Fiona Wade


"Knitbone" | Comfrey Poultice


One of the most under-appreciated weeds in the Western world!

Knitbone is an English name for the perennial plant, Comfrey, which is loved greatly by organic gardeners and herbalists! Comfrey is native to Eastern and Southeastern Europe, and is now commonly found across North America; I often find it in ditches, and unkempt backyards. This amazing weed is an effective organic fertilizer, and has been known to be effective for healing anything from burns to broken bones. "In Western Europe, comfrey has been used topically for treating inflammatory disorders such as arthritis, gout, and thrombophlebitis, and internally for treating diarrhea. Comfrey has been claimed to heal gastric ulcers and hemorrhoids, and to suppress bronchial congestion and inflammation." (Source)

I have been growing comfrey in my garden for a few years now, after my partner's mum sent me some leaves, and a chunk of her comfrey root from Ontario. Nate has a bad back, and when he further hurt himself, the muscle relaxants and pain killers just weren't cutting it and he was not satisfied with how slowly he was getting better. We were instructed to apply a poultice made of the leaves and stems of the plant to the area of injury, and keep it on for 4-6 hours. Desperate for some pain relief, we did as she said, and the next day Nate was able to move comfortably, and reported feeling about a 70% improvement in just one treatment.

Comfrey contains Allantoin, which is a cell-proliferant. Cell-proliferants encourage the cells of the body to grow again; "bone growth, skin repair, hair and nail growth are all affected beneficially by the Allantoin in Comfrey, as well as its abundant silica." (Source)

There are directions on how to make poultices all over the internet, and so I won't go too deep into how to make one, but I will briefly explain the steps I take when preparing them for myself, for quick reference:

  • Put a few dried or fresh comfrey leaves/stems/root into the blender
  • Bring a small amount of water to a boil, and steep the comfrey in the blender with a few tablespoons of hot water. Use enough hot water to allow the plant matter to blend up well into a thick paste. Using hot water allows the beneficial constituents to steep out, and become easier for the body to absorb through the skin.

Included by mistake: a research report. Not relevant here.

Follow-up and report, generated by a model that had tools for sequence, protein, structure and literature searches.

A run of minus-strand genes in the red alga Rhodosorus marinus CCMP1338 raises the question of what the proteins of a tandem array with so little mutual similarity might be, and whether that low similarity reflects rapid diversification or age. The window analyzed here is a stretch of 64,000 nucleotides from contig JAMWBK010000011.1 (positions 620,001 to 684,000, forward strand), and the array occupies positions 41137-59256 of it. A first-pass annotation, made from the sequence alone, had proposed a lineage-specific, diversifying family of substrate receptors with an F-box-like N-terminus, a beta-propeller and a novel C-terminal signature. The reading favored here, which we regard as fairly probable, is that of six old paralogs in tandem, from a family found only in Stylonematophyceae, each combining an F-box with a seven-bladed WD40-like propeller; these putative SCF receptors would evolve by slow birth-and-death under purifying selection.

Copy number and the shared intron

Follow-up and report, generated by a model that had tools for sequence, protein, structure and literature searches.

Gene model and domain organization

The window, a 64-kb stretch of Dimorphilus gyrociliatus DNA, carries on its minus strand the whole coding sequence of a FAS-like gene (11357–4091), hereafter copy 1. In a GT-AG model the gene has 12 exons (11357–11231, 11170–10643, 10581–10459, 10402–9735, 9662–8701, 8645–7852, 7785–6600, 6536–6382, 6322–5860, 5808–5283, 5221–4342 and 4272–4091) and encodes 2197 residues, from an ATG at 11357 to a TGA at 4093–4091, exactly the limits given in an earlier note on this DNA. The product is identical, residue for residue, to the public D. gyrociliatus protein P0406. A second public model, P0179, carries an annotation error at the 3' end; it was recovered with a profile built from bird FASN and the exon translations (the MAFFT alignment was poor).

• If you would like to add some moisturizer to the mix, throw in a scoop of coconut oil. As the blended comfrey goop begins to cool, the coconut oil will solidify and make your mix slightly less runny. This is entirely optional, though.
  • In the photo above, I added a spoonful of dried ground comfrey for maximum benefit. This is also optional.

Once your poultice is prepared, you will need to secure it onto the area of injury, without it leaking onto your clothing/furniture/bedding. How I do this:

  • Lay 2 layers of plastic wrap on the counter, and run tape all the way around the edge to create a sort of window-pane.
  • Flip this over, so that the sticky side of the tape is facing up
  • Lay down a few layers of 4x4" gauze onto the plastic, this is what will hold onto fluid and maintain the poultice
  • Spoon the blended comfrey goop onto the gauze
  • Position this preparation onto your area of injury and reinforce the tape all the way around so that it doesn't leak
  • Leave on for 4-6 hours

*NOTE* this WILL stain so avoid getting it on any clothing!

I always save the leftover liquid and pour it on the roots of my house plants as it is an incredible fertilizer!
Also, save your used goop, wrap it up in a bit of cloth, and soak with it in the bathtub for additional skincare benefits!

Whenever I gift someone clippings from my comfrey plants if they are recovering from an injury- I always know if they have tried it as I get a call the next day reporting significant bouts of recovery.


Fiona Wade